GPUs have model names so buyers can easily distinguish what performance class they are looking at. For example, let’s take the Nvidia GeForce RTX 3070 Ti. This model name is easy to google for detailed specs and can be used for checking various YouTube comparisons.

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In Nvidia GPUs names, the first two digits indicate the generation to which it belongs, and the next two show the specific submodel within the generation. For example, the RTX 3070 Ti: 30 means the processor of the RTX 30XX generation, while 70 means it’s a mid-tier productive model. The prefix Ti denotes a boosted version. For example, the RTX 3060 Ti is faster than the RTX 3060 but slower than the RTX 3070. Older graphics cards used a different classification.

For AMD, the first number is the generation. The remaining three are the submodel within the generation. The prefix XT is used similarly in meaning to the Ti prefix from Nvidia.

The higher the submodel number – the more productive the card is. So, the price is higher as well.

Is RTX better than GTX?


First of all, it’s important to understand exactly what you’re looking for in a graphics card. Are you mostly concerned with frame rates or are you more interested in graphical quality? There are different types of graphics cards designed for different uses, so it’s important to figure out which one is best for you before buying one.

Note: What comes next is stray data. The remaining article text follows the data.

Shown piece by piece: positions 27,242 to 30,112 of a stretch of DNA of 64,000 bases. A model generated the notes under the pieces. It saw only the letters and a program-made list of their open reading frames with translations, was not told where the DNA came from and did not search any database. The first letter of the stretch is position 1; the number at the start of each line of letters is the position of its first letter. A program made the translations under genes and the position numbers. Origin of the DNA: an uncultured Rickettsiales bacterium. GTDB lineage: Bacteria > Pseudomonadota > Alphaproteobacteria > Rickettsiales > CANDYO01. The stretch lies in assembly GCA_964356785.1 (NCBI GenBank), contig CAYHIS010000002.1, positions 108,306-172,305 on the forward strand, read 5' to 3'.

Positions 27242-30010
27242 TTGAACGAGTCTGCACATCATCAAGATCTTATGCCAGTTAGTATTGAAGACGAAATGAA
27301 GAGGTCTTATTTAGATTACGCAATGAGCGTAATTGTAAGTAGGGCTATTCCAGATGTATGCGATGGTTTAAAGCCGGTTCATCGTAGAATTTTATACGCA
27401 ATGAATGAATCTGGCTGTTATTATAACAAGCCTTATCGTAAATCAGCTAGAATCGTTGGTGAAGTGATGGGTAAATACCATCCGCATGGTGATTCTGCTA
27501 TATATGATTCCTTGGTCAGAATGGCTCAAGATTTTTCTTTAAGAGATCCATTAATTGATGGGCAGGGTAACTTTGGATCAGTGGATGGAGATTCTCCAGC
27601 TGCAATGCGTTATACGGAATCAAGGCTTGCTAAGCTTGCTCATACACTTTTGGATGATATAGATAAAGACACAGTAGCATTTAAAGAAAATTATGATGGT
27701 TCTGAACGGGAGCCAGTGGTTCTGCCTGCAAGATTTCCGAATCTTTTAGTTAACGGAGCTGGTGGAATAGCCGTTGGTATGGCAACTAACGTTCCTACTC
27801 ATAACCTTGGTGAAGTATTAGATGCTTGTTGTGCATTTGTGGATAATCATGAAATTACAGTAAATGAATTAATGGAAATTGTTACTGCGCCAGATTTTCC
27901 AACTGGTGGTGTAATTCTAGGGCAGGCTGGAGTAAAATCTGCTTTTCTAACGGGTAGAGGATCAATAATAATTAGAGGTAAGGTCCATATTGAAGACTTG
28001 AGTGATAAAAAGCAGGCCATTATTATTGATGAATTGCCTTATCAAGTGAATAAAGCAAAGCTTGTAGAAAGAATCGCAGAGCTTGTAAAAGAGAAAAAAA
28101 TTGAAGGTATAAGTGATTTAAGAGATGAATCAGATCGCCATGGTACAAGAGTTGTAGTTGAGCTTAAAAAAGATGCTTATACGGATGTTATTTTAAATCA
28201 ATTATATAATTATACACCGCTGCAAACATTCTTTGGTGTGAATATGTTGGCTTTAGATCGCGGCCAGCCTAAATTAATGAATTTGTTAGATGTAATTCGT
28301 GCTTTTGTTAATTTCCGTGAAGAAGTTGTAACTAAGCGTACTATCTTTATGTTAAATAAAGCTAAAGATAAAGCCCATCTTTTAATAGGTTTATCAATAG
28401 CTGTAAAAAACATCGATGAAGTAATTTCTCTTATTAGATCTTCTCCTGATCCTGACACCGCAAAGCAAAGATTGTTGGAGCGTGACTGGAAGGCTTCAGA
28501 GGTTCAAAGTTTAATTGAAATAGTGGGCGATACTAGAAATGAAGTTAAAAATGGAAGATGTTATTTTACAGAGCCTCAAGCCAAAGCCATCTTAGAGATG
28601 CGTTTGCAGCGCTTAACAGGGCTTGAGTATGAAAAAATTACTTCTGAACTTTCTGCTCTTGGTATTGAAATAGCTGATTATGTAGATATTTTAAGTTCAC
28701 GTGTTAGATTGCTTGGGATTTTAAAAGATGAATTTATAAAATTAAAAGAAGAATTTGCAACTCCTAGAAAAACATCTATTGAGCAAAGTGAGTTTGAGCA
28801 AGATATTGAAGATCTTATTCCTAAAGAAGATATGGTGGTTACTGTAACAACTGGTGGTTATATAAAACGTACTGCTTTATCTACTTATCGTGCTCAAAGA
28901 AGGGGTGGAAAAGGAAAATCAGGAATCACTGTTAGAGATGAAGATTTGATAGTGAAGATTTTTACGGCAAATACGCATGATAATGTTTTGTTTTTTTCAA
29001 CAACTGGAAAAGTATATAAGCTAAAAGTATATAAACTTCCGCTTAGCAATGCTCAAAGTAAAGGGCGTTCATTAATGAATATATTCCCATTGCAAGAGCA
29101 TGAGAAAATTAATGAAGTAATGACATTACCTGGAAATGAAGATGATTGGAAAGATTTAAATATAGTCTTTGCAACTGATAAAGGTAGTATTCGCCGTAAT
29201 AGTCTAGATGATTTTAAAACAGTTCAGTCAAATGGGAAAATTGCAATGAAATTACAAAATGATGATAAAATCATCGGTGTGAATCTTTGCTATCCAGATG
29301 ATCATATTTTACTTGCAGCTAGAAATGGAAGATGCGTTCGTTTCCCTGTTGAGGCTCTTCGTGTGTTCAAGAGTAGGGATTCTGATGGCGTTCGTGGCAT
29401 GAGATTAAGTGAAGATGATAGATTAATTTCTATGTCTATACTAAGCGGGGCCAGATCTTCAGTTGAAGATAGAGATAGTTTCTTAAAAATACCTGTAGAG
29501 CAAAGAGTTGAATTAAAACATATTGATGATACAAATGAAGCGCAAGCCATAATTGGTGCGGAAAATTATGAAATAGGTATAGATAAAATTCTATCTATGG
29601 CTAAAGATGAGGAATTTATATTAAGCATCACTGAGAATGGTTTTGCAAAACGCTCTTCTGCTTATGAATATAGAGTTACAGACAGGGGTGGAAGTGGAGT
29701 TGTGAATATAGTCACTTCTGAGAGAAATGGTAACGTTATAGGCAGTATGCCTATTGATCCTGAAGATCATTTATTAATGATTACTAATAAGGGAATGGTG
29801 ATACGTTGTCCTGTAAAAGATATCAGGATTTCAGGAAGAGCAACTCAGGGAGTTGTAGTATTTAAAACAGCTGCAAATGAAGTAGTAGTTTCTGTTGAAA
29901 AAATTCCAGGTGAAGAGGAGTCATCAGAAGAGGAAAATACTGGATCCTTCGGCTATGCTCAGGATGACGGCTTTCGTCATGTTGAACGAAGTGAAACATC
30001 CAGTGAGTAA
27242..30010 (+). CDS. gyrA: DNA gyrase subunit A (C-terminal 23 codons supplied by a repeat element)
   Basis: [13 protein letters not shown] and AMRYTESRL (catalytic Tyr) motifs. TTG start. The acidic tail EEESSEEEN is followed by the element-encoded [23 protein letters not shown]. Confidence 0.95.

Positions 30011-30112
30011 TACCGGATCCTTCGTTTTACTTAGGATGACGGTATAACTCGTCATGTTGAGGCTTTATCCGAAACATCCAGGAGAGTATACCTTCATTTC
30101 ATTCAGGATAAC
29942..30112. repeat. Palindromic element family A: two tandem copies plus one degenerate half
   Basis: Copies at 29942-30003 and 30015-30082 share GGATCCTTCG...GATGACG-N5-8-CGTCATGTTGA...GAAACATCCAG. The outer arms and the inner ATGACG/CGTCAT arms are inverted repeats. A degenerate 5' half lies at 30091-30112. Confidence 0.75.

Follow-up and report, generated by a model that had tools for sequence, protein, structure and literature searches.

If you mainly care about frame rates, then a regular GTX card will be fine. They offer slightly lower performance than RTX cards, but they still handle most modern games well. If you want to invest in an RTX card, though, there are a few things to consider first.

For one thing, RTX cards tend to require more power than regular GTX cards. They also have a higher price tag – although that may be justified given their increased performance. But if power consumption or price are major concerns for you, then an RTX card may not be the best option.

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Another thing to consider is graphics quality. RTX cards offer a noticeable improvement over regular GTX cards in this area, but they’re not perfect. Some scenes may look slightly more realistic, but others may look slightly worse. It all depends on your individual preferences.

Ultimately, the decision of whether or not to buy an RTX card comes down to your own priorities. If you care mainly about graphical quality and don’t mind spending a bit more money, then an RTX card is definitely worth considering. But if power consumption or price are major concerns for you, then regular GTX cards will likely be just as good – if not better – options.

The Choice

Each video game has specific GPU requirements, so it’s impossible to find a universal card that fits all games’ requirements perfectly. Nevertheless, some cards cope with not all but most tasks within a category. So, what card is the best value for each purpose? Let’s take a look at a few most common use cases:

  • Basic PC usage – Nvidia GTX 1650 with its low power consumption.
  • Gaming at 1080p – something between Nvidia RTX 3050 and RTX 3060Ti, depending on the game. Alternative – AMD Radeon RX 6600 XT.
  • Gaming at 1440p – Nvidia RTX 3070 Or AMD Radeon RX 6700 XT.
  • Gaming at 2160p (4K) – Nvidia RTX 3080 or AMD Radeon RX 6800 XT.
  • Working station – Nvidia RTX 3090 / RTX 3090 Ti.
  • Absolute GPU beast – freshly-released Nvidia RTX 4090 with a $1600+ price tag.